Think Global, Roast Local

Jersey companies are roasting their own beans, reaching out to growers, and custom blending, the better to create the freshest cup.

Instead of becoming a teacher, he answered the call of his inner roaster.
HARRY & BEANS Ocean View In June 2001, Harry Gale was on his way to take his teacher certification test when suddenly he pulled the car to the side of the road. He had just graduated from Richard Stockton College, and was planning to become an English teacher. But sitting behind the wheel, he realized, “I just wasn’t ready to teach.”

Instead, he spent the day asking local eateries if they would consider buying coffee from him. The idea had been percolating for a while. In college, Gale had worked for a coffee company in Avalon, where he developed a passion for roasting and blending. When he and his fiancée, Jill, eloped to Hawaii in early 2001, they met a grower and distributor who offered him a job. Despite their dual passions for surfing and roasting, the newlyweds decided not to sever ties to their home state.

In his day of canvassing, Gale got verbal commitments for 120 pounds of beans. Thus was born Harry & Beans (Jill’s girlhood nickname was Jilly Bean). Their first equipment was a 1908 peanut roaster. To judge when the roast was done, Gale says, he’d “listen to the beans crack, smell them caramelizing, and see the skin get smooth and change color.”

Now in Ocean View, Harry & Beans has modern equipment. But the owners still create unique blends for wholesale buyers and deliver in person. “If you’re not meeting your customers face to face,” Harry says, “you’re not getting any feedback.”

The Gales have visited coffee plantations in Oahu and Costa Rica. They sell certified fair-trade coffee from six countries. (Fairtrade Labelling Organizations International sets standards for farm labor conditions, environmental practices, and fair prices.) More than half the coffee they roast is organic. Retail only at harryandbeanscoffee.com (609-827-1241).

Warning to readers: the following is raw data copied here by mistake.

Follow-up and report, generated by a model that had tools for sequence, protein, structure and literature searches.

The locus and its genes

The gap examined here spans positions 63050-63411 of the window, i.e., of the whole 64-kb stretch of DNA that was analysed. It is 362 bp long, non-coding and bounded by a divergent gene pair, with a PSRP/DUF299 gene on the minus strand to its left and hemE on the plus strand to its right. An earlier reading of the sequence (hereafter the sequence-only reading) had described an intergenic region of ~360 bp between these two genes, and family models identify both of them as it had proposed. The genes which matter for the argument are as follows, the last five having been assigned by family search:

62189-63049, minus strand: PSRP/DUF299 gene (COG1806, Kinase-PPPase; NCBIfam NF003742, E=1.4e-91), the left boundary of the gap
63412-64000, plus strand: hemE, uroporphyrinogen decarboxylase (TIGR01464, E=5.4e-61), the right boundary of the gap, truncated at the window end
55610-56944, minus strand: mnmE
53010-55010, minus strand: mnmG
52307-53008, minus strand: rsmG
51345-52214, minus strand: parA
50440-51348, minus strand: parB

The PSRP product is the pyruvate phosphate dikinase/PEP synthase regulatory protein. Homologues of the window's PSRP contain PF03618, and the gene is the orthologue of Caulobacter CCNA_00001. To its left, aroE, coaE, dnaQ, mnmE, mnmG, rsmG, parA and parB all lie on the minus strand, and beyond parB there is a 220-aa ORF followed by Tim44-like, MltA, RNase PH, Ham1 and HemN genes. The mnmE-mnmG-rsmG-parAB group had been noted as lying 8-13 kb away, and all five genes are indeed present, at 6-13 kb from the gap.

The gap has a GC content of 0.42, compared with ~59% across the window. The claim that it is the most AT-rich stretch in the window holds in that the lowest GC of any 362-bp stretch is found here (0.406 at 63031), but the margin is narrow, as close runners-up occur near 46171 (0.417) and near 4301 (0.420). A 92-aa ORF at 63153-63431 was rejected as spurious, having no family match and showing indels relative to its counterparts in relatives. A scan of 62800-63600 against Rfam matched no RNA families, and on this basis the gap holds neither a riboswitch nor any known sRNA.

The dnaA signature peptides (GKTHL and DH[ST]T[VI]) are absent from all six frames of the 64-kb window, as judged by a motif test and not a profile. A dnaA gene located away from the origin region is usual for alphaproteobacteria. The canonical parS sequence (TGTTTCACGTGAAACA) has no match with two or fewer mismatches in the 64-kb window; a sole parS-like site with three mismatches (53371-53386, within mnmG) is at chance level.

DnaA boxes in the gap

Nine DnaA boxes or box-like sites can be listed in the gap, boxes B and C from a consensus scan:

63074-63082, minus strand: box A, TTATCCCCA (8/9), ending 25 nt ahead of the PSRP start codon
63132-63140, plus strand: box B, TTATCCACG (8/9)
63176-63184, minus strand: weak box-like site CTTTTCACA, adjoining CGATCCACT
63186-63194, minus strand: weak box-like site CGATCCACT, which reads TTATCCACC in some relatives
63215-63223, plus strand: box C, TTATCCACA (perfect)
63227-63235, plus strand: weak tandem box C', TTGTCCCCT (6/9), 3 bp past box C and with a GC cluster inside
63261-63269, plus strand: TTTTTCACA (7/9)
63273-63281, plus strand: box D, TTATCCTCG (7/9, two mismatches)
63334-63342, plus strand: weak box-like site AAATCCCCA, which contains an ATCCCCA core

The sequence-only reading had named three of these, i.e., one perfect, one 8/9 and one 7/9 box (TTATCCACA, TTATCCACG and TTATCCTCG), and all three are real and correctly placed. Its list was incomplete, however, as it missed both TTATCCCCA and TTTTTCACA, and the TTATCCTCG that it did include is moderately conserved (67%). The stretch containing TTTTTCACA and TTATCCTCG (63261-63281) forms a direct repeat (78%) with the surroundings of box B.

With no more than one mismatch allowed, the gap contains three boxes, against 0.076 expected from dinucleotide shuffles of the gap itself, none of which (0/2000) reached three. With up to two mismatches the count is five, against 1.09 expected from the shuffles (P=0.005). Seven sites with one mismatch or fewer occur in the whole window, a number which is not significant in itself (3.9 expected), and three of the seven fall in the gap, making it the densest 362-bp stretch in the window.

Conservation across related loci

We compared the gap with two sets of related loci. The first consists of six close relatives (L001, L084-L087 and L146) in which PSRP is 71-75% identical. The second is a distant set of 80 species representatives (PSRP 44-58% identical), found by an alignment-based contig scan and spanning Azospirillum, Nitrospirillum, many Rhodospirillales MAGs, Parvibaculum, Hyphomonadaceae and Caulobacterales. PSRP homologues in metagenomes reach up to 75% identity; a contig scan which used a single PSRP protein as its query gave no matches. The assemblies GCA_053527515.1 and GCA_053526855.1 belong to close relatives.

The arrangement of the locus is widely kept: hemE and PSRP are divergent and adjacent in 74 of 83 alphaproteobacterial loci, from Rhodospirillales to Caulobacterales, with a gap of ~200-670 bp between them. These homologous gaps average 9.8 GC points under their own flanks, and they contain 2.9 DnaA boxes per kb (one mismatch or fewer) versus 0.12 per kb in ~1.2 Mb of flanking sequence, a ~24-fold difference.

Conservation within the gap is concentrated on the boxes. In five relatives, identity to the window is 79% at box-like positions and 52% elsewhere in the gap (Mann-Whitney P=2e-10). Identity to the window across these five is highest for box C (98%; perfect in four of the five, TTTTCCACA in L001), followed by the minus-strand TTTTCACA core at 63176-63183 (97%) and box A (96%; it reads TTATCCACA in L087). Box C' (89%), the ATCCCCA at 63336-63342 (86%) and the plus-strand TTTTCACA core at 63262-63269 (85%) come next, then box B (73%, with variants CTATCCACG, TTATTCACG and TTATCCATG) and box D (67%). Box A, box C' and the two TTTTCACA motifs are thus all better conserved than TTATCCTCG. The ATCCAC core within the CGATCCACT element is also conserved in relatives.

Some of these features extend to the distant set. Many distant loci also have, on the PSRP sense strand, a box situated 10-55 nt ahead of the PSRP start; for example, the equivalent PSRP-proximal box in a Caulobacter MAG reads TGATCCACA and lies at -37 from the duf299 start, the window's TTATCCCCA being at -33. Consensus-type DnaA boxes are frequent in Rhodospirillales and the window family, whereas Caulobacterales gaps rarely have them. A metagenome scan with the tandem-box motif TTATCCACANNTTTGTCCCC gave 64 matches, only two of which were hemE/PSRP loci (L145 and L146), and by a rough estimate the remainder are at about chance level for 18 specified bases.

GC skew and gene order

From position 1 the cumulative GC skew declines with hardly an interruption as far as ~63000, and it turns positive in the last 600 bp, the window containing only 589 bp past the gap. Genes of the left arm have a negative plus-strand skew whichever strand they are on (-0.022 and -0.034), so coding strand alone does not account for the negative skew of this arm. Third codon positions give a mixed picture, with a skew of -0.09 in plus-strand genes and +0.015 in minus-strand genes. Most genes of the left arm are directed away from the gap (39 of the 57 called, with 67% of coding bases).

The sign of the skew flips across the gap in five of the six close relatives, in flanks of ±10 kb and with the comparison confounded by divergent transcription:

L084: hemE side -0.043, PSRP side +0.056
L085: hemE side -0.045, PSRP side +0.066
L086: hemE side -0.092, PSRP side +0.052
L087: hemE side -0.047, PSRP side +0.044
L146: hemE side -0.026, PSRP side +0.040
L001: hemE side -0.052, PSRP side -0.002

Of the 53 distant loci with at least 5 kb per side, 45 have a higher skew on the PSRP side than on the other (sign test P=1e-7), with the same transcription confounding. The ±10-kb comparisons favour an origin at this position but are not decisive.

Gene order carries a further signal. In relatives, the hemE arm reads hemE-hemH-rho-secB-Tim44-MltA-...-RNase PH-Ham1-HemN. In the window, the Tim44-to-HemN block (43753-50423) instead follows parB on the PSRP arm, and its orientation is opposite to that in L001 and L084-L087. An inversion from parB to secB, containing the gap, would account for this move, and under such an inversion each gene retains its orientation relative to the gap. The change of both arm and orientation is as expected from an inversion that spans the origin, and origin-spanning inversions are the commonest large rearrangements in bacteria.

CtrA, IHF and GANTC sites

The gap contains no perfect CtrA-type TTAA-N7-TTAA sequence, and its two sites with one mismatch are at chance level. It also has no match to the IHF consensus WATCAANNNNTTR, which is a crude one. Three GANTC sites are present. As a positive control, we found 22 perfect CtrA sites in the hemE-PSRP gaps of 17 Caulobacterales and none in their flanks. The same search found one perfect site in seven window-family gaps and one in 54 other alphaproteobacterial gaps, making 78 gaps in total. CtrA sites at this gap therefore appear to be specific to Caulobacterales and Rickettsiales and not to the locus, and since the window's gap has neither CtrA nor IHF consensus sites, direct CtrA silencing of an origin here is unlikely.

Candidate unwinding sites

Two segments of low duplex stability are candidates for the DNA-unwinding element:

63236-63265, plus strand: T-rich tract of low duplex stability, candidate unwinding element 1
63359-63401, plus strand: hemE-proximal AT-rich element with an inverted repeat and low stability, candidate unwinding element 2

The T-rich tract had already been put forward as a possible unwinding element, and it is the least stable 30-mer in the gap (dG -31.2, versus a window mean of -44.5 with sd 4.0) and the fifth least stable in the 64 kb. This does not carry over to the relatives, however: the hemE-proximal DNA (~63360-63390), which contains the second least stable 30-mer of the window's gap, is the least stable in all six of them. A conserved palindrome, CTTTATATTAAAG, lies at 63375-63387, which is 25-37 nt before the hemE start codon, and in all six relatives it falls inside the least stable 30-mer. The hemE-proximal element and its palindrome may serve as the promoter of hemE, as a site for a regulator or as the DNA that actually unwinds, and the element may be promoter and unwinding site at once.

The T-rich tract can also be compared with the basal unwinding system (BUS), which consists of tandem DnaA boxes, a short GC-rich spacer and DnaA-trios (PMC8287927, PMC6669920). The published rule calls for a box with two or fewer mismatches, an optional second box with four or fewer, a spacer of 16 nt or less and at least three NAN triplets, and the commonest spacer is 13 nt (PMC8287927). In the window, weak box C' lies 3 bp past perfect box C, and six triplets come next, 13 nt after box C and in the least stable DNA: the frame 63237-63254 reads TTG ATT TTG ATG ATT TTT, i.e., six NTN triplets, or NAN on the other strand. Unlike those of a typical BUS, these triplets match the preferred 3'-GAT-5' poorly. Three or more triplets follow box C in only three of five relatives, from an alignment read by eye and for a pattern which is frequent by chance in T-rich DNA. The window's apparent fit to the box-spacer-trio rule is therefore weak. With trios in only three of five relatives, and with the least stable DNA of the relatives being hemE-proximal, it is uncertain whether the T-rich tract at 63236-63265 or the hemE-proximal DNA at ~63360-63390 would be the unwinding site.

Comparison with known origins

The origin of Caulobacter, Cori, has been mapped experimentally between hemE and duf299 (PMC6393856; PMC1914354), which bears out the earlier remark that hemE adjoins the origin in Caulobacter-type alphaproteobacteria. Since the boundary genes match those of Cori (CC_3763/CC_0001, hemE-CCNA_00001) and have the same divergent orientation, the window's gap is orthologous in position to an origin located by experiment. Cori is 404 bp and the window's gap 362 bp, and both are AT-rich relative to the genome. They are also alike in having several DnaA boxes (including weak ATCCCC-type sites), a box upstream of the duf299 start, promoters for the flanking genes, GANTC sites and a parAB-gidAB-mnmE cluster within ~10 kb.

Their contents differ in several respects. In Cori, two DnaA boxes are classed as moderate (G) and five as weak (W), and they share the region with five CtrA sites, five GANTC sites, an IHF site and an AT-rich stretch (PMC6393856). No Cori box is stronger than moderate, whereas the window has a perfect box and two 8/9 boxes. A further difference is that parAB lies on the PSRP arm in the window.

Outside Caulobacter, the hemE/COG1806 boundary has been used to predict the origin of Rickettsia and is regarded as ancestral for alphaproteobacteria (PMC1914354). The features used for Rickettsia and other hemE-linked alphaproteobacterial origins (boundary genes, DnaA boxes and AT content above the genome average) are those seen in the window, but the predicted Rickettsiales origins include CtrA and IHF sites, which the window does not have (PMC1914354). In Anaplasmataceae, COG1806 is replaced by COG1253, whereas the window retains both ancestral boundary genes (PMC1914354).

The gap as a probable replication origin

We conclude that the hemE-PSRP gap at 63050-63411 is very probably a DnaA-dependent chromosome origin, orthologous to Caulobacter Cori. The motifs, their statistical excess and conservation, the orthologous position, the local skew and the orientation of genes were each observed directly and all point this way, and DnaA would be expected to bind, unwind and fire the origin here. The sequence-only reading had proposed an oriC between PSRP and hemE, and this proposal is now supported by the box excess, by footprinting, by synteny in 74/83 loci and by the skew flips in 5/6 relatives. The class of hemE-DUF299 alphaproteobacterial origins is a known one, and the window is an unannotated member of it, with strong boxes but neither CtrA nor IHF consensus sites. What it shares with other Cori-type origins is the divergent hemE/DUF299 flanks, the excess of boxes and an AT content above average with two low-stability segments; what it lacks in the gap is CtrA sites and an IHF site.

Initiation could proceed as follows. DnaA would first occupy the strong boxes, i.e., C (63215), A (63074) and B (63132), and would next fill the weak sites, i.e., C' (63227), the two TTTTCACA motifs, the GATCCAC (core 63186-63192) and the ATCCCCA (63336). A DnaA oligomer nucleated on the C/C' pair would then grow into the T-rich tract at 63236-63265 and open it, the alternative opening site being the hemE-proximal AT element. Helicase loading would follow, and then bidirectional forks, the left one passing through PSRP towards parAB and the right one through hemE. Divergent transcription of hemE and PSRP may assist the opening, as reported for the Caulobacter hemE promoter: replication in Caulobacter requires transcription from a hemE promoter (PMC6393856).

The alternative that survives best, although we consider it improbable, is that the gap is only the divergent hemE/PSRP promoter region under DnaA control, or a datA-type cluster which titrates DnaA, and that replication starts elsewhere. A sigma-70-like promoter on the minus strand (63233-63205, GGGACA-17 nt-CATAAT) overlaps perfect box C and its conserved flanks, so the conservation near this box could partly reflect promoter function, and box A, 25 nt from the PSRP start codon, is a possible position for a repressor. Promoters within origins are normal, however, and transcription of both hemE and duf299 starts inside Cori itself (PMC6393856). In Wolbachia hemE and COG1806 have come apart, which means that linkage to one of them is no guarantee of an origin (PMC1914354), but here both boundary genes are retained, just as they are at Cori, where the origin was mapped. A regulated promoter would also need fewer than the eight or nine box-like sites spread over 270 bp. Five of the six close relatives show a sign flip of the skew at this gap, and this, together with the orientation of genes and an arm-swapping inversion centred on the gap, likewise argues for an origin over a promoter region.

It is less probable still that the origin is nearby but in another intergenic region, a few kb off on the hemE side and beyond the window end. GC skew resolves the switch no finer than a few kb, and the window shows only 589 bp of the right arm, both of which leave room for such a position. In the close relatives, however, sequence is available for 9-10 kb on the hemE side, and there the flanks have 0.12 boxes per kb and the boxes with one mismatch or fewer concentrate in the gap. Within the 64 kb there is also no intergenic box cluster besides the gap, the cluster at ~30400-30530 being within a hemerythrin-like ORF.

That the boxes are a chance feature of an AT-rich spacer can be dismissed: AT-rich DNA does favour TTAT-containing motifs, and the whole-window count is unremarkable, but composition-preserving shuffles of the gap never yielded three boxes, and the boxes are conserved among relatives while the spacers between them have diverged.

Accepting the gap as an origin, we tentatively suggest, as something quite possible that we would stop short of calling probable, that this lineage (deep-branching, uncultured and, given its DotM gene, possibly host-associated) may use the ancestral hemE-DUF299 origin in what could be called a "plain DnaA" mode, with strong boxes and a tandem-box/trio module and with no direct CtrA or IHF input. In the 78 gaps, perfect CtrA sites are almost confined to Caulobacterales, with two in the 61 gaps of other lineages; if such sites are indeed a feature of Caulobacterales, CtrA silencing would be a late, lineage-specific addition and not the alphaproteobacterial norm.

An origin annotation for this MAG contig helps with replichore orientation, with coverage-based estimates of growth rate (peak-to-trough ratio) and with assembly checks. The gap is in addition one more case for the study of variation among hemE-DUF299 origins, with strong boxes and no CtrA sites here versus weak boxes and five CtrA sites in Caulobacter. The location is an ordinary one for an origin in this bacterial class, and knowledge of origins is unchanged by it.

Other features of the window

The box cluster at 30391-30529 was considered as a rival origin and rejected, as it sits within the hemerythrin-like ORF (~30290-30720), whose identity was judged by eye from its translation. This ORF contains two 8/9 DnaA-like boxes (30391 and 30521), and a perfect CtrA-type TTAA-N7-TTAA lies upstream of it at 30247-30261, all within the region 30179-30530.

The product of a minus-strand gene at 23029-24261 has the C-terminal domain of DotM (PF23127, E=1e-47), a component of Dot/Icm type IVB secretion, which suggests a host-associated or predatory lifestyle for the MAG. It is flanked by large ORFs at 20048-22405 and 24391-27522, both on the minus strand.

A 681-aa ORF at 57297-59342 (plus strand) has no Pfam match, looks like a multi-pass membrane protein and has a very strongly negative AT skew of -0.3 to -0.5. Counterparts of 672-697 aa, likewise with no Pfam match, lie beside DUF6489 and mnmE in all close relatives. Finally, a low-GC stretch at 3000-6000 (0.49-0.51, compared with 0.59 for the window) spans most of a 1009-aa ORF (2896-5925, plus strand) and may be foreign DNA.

In Guatemala, a Jersey guy’s“eye-opening experience.”
CRESCENT MOON Mullica Hill Ron and Sharon Vaccarello launched their wholesale business and café in 2004. Like Harry & Beans, they sell a fair-trade certified product tailored to local tastes. This year head roaster Chris Murdaco, 20, visited plantations in Guatemala. “It was an eye-opening experience,” he says. “You see the hard work and dedication that goes into growing coffee.” 141 Bridgeton Pike (756-223-1237; cmcoffee.com).

Twist Stir: Not a dance, but a flavor stick-in-the-mug.
TALK N’ COFFEE Deptford A national wholesaler, Talk N’ Coffee also roasts for its Deptford store, where customers can watch, and smell, the roasting process. President Steve Rohner this year brought out Twist Stir, a swizzle stick with a bulbous end that imparts sweetener-free flavors such as hazelnut, orange, and cinnamon to a single cup of coffee or other beverage. 1353 Route 41 (800-597-bean; talkncoffee.com).

Buy a sack of beans, help a wounded Veteran.
KAFFEE MAGNUM OPUS Millville Wholesale roasters Bob Johnson and Al Caltabiano created American Spirit blends—10 percent of sales through July 31 benefit the Wounded Warrior Project (woundedwarriors.org), which helps severely injured soldiers return to civilian life. “We all benefit from what these soldiers have done,” says Johnson, 62. “When I found out about the poor treatment these guys were getting, I said, ‘What can I do besides moan and groan?’” (800-652-5282; kmocoffee.com).

Real freshness can be oh so startling.
MOONDOGGIE COFFEE ROASTERS Maywood “When we first opened, people complained our coffee was too strong,” says owner and founder Donna Funk. “Actually, it was because our roasts were so fresh. Some coffees can be three months to a few years old. We had to explain that this is the way coffee is supposed to taste.” Moondoggie uses only beans that meet Specialty Coffee Association of America criteria. Many of its coffees are also fair-trade certified and organic. 108 West Pleasant Avenue (888-javadog; moondoggiecoffee.com).

Enjoy a charity concert with your cuppa joe.
AHRRE’S COFFEE ROASTERY Westfield Summit native Ahrre Maros earned the nickname “Coffee Boy” because he kept extolling the virtues of fresh-roasted specialty brews. In 1990 he started Ahrre’s, and in 2000 he launched the Coffee With Conscience concert series, featuring musicians performing to raise money for charities. 104 Elm Street (800-991-7977; ahrre.com). Concerts are held at First United Methodist Church of Westfield, 1 East Broad Street (800-991-7977; coffeewithconscience.org).

Click here to leave a comment
Read more Jersey Celebrities, Jersey Living articles.

By submitting comments you grant permission for all or part of those comments to appear in the print edition of New Jersey Monthly.